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Thread: Daughter Diagnosed with Scoliosis

  1. #1
    Join Date
    Oct 2003
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    Gonzales, La.
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    Question Daughter Diagnosed with Scoliosis

    Hello, My 13 year old has been diagnosed with scoliosis. 50% Thorasic and 36% lumbar. From what the Doctor said, she will need to have surgery soon. He stated that she is too far advanced for a brace. With the numbers shown I am wondering if anyone familiar with these numbers. How bad are they, should I get a second opinion. I was unable to attend the appointment for her first visit, thus I curious. We plan on making another appointment with a surgen today.

  2. #2
    Join Date
    Sep 2003
    Location
    Austin, TX
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    Hi Steve,

    Your doctor is probably right that those curves are too advanced for a 13 year old for a brace to do any good. Nonetheless, I would always advise getting a second opinion.

    A 50 degree thoracic curve is generally considered the threshold at which surgery becomes the only viable option, because statistically the probability of that 50 degree curve progressing until she finishes growing--and probably well beyond that--is very high.

    I think the real issue is how close your daughter is to finishing her growth spurt. Most importantly, you want to find out how "skeletally mature" she is. This can be determined by taking an x-ray of the top of her pelvic bone and looking at something called the risser sign, a formation of bone on the top of the pelvis that indicates bone maturity. If she's even close to finishing growing (possible for a 13 year old girl), you might want to postpone surgery and evaluate how far the curve progresses, if any, in the next year or two. Scoliosis surgery is never urgent, so waiting a few years isn't an issue unless she starts experiencing pain related to the curvature.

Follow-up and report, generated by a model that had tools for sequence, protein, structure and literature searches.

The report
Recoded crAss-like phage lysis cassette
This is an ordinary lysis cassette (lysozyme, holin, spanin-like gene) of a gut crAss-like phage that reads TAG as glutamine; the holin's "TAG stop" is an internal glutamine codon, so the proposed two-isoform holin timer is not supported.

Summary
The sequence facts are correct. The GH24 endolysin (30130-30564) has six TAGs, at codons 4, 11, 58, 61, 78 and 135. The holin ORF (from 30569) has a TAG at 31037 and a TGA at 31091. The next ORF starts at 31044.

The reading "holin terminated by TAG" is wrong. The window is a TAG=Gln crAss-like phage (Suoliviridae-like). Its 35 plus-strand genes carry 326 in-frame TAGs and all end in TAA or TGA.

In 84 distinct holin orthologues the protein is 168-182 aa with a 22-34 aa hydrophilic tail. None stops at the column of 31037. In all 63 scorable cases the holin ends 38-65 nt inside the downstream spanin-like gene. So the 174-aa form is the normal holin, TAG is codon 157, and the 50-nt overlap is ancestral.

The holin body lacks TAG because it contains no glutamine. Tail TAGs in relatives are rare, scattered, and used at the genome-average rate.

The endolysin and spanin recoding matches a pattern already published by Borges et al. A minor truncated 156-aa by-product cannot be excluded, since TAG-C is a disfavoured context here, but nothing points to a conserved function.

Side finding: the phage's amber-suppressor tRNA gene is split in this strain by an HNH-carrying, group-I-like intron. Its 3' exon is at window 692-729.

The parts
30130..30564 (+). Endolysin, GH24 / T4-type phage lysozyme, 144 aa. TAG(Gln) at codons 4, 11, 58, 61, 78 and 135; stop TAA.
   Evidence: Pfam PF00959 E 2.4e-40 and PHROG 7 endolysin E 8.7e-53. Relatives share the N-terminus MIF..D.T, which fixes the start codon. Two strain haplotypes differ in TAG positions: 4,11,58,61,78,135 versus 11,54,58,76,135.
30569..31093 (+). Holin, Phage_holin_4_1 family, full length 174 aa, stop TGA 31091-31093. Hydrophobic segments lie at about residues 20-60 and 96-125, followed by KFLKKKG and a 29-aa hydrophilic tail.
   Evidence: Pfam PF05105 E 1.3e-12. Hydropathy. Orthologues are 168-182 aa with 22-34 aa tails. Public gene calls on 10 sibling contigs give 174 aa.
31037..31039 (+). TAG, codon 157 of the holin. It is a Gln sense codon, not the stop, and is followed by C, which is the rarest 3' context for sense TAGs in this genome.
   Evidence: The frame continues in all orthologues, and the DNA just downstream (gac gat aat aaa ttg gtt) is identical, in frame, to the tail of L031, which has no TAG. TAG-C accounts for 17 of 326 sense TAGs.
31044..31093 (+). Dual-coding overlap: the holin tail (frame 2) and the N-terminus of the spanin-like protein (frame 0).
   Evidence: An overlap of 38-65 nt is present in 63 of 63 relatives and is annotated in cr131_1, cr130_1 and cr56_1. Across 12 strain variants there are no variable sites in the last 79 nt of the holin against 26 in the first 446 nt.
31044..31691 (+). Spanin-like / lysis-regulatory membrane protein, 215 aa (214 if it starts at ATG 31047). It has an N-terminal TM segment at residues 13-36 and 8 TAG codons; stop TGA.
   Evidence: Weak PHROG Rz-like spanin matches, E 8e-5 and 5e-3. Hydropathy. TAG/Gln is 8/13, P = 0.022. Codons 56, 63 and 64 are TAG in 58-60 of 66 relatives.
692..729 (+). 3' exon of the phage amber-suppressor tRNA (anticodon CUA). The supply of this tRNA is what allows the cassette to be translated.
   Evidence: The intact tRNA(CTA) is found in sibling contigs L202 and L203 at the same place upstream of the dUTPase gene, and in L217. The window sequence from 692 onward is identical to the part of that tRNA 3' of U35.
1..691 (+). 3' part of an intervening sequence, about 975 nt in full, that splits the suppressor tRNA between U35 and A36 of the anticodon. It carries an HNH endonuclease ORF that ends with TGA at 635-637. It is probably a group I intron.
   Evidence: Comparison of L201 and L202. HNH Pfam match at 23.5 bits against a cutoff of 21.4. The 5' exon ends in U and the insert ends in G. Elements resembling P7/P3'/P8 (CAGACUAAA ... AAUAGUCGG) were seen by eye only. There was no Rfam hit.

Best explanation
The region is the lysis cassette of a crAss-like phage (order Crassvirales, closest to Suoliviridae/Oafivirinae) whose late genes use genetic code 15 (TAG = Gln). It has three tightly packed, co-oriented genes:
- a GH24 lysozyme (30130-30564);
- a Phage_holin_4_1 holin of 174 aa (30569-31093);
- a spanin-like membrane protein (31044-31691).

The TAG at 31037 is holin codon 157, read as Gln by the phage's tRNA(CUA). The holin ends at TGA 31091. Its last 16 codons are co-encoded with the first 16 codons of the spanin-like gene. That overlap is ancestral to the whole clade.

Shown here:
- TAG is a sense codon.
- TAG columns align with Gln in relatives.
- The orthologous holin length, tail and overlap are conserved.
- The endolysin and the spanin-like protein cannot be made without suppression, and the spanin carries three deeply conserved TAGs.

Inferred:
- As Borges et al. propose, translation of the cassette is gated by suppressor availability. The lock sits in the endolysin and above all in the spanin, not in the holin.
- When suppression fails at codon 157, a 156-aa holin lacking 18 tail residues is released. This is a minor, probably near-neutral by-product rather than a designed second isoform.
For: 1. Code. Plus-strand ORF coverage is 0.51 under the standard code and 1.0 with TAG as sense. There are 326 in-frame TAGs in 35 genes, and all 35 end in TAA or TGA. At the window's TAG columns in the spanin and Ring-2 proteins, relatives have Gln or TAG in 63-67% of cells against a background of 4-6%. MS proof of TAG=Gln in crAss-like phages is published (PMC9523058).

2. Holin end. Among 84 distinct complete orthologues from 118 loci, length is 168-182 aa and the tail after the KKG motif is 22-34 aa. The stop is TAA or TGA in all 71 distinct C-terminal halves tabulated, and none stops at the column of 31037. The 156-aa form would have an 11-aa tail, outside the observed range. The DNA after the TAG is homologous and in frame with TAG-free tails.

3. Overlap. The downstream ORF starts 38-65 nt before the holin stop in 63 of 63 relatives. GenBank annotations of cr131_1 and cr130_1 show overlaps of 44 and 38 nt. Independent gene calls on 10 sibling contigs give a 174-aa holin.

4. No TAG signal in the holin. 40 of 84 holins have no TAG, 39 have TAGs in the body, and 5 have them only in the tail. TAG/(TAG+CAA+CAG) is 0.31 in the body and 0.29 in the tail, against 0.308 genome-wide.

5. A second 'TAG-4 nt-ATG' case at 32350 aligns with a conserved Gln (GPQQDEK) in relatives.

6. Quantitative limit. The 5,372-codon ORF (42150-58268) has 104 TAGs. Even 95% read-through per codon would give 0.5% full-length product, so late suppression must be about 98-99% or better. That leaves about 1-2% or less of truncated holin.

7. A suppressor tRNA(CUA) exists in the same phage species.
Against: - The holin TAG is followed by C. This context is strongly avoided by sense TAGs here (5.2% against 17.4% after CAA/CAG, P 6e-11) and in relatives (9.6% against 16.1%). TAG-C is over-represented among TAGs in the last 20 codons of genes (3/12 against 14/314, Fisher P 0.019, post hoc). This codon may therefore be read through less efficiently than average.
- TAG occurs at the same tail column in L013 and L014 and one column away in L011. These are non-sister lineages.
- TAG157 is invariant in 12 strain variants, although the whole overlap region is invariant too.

Also, you want to be sure your daughter is being evaluated by a true scoliosis expert affiliated with the Scoliosis Research Society. You can find a directory of SRS orthopedists here:

    http://www.srs.org/locator/

    Dave

  3. #3
    Join Date
    Oct 2003
    Location
    Gonzales, La.
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    Thanks Dave, The Doctor that my wife spoke to yesterday acted as though we need to move quickly. I think the Doctor that he wants us to see is Dr. Andrew King in New Orleans, La. He is on the link that you sent me. We are suppose to set up an appointment with him soon. I will keep you posted.
    Last edited by Steve Barlow; 10-08-2003 at 02:25 PM.

  4. #4
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    Oct 2003
    Location
    new jersey
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    I would suggest taht if you plan to wait long, you ask about bracing in the meantime - this is the period of greatest curve progression because of the rate of growth at this age. Surgery can correct, to a degree, but the worse the curve, you can get proportionately less correction with surgery.

  5. #5
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    Oct 2003
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    Gonzales, La.
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    Thanks, it appears like it is getting worse as we watch her. We have an appointment with a Dr. King in mid November. Someone told us about a doctor Bennet at the Tulane Medical Center in New Orleans. I plan on trying to get an appointment with him before the November appointment. We really would like 2 opinions before we decide which way to go. Thank you for replying.

  6. #6
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    Sep 2003
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    Austin, TX
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    Group member hballin suggested you consider bracing, but I'm highly confident any orthopedist will tell you that bracing will not arrest the progression of a curve that is already as advanced as your daughter's. Surgeons vary on their cutoffs, but in general only curves below 40 degrees will be braced. 40-50 degrees is something of a gray area, but if your daughter is already at 50 degrees thoracic, the probabilities are undeniably high that her curve will progress whether braced or not.

    Also, for what it's worth, my surgeon is good friends with Dr. King and has mentioned to me a few times that he's excellent surgeon.

    Dave

  7. #7
    Join Date
    Oct 2003
    Location
    MO
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    Hi Steve,

    Dave has given you some very thorough and wise information. His information is pretty accurate from what I have learned over the past 30 years from having lived with Scoliosis.

    However, I wish to provide you with some thought as I come from a slightly different angle in sharing with you my experience.